Strategies of Governance

Michel Foucault on Power

in Theoria

How and why is it that we in the West, in our arduous and incessant search for truth, have also built into and around ourselves intricate and powerful systems intended to manage all that we know and do? This, arguably, was the key problem to which Foucault applied himself. Central to his critical, historical ontology of Western, and especially Enlightenment, reason is an investigation of the constitutive relations between the operation of power relations, the production of knowledge, and ways of relating ethically to oneself and others. This article examines Foucault’s account of the relations of power which are said to underpin contemporary thought and to regulate and subject modern individuals. Contrary to the belief that Foucault’s conception of power is dogmatic and all-encompassing, leaving no room for progressive resistance or change and flowing over into the realm of theory such that truth itself becomes questionable, it is argued here that Foucault offers us an analysis of relations of power as ‘strategies of governance’ which depend for their operation on the existence of free subjects capable not only of resistance but of positively producing effects of truth in reality.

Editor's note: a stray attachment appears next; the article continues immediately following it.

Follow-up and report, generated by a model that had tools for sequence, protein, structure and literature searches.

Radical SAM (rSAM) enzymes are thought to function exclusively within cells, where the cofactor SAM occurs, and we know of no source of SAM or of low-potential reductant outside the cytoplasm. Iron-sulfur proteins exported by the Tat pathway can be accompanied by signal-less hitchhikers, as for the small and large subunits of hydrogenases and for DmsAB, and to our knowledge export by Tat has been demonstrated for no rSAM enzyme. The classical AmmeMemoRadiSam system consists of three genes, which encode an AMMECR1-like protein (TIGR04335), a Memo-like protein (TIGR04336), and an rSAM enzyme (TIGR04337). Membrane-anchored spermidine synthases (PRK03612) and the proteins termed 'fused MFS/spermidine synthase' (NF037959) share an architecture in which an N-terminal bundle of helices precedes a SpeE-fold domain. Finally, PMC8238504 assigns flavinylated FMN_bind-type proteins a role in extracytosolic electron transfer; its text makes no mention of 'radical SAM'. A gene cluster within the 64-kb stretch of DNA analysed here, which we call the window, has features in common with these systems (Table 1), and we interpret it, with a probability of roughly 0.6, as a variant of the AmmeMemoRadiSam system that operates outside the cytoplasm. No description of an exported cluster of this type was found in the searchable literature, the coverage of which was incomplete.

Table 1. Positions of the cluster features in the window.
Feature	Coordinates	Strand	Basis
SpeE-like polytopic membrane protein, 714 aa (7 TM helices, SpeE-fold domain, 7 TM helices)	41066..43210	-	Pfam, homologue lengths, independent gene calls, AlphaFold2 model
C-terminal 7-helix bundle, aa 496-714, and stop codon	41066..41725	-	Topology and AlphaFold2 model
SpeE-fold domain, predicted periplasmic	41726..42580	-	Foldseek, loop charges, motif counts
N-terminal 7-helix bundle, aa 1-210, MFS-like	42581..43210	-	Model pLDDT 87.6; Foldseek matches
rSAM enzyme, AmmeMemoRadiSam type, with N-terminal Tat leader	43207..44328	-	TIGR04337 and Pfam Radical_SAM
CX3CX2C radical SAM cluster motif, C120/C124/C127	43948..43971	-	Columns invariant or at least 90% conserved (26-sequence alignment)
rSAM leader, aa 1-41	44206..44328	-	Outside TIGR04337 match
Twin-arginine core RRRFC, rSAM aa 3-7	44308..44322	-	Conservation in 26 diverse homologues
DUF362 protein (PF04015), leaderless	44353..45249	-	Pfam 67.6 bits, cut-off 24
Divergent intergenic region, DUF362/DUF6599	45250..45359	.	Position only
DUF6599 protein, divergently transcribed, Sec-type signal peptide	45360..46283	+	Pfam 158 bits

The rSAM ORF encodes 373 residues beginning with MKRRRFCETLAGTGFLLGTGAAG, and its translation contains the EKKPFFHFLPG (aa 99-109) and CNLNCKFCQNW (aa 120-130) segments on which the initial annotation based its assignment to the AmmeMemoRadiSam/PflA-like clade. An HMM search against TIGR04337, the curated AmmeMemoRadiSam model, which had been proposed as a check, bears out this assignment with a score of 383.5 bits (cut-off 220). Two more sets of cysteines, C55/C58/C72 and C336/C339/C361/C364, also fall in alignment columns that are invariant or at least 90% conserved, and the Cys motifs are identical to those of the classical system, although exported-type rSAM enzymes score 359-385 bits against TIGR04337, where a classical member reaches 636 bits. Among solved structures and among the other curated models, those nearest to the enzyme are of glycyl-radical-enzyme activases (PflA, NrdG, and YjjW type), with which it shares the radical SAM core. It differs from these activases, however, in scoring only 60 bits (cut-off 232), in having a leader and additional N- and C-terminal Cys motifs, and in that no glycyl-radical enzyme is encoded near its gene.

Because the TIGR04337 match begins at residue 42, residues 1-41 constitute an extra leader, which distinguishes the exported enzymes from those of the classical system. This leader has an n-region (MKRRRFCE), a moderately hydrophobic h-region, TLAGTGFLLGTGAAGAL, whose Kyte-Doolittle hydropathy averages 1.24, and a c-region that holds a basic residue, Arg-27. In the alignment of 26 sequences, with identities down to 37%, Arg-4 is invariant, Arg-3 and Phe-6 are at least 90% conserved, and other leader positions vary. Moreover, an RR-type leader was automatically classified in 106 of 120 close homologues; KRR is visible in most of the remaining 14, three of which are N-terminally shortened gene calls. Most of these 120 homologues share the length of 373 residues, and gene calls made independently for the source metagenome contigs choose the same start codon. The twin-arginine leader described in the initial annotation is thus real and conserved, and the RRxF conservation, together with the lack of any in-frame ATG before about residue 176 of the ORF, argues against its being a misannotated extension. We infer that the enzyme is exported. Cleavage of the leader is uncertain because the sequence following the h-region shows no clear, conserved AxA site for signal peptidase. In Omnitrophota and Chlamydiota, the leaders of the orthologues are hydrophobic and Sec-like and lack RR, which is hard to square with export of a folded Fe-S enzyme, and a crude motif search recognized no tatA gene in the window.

Theoria

A Journal of Social and Political Theory

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